For many people, hearing tends to go with age as the mechanisms in the inner ear that detect sound degenerate — a simple fact researchers at Rockefeller University say they may be able to reverse. In a study published online Monday in the Proceedings of the National Academy of Sciences, study author Ksenia Gnedeva says researchers may have located proteins inside the ear that can possibly be turned on later in life to produce new cells and correct any hearing loss caused by time, damage or abnormalities.
"Our ultimate goal is to find a target that would allow us to restore hair cells later on in life," Gnedeva said, according to NeuroScience News. "It appears possible that these proteins, or perhaps other steps in the same pathway, might be potential targets."
How it works: Hair cells found within the inner ear are responsible for hearing and balance in humans, as well as lab mice and other animals. When those cells are damaged or stop producing new hair cells, the result is a loss of those functions.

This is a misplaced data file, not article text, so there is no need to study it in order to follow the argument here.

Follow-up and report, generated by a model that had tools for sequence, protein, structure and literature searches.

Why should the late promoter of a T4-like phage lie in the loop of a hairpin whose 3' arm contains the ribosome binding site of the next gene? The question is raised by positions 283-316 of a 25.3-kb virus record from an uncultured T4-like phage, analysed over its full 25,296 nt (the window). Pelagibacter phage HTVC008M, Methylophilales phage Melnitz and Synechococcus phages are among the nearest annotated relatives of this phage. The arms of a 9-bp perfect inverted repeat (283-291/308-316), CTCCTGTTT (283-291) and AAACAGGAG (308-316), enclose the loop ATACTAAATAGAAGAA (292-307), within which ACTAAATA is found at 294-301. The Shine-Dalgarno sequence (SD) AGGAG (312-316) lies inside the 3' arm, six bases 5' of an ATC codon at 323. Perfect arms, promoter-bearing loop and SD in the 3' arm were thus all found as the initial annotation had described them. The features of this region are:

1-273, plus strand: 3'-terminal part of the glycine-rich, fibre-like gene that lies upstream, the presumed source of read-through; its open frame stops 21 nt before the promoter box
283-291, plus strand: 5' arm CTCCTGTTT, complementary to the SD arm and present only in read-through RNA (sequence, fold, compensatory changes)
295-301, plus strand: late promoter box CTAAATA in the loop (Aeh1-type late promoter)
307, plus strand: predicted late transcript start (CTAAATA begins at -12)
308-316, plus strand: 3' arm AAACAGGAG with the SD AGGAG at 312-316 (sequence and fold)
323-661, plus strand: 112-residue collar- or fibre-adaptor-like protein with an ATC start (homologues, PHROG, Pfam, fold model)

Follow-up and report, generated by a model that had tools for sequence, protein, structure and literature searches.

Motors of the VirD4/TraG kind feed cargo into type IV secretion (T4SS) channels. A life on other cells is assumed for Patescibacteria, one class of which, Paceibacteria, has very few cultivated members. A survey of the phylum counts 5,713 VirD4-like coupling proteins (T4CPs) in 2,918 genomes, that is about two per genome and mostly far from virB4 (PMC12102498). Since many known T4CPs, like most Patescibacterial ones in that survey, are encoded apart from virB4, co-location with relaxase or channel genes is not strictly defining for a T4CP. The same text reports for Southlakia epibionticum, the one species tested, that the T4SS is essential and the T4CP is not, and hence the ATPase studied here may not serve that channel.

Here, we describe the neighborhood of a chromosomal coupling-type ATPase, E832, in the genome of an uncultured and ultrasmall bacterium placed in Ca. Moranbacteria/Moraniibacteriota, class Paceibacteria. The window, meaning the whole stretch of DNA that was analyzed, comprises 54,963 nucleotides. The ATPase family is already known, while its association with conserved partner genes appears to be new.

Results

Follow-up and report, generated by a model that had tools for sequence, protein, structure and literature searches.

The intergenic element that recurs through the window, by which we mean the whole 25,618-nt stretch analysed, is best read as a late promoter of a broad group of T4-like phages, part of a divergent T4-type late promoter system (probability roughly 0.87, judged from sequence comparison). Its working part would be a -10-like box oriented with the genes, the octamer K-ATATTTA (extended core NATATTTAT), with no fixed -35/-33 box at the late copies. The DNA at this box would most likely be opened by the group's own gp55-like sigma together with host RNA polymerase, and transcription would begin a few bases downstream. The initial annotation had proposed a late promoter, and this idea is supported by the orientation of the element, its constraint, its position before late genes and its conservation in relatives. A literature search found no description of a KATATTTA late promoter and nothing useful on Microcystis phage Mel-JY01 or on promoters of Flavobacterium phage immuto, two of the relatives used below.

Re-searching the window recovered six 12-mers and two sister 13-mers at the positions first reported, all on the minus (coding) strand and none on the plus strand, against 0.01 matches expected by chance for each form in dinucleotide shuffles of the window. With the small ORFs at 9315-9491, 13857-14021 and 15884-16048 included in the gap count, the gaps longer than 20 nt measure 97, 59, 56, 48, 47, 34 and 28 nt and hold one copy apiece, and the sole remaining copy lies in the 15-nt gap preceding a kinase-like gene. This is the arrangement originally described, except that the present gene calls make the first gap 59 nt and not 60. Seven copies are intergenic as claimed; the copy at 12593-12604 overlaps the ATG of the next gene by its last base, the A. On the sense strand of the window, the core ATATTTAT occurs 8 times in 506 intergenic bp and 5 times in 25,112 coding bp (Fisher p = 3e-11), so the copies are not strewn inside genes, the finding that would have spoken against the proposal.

When Gnedeva and her team turned on the proteins within the mice ears, new hair cells began forming.
"These results imply that SoxC genes govern hair cell production and thus advance these genes as targets for the restoration of hearing and balance," the study notes.
A common issue: According to HearingLoss.org, nearly 20% of all Americans report having hearing loss, or 48 million, while 1 out of 3 people across the nation will experience hearing loss by 65. As the study notes, once genes stop producing hair cells within the ear, there currently is no solution, other than subsiding the loss with hearing aids. The news could mean scientists are one step closer to coming up with a cure for hearing loss, or at least further options to prevent the loss by age or damage.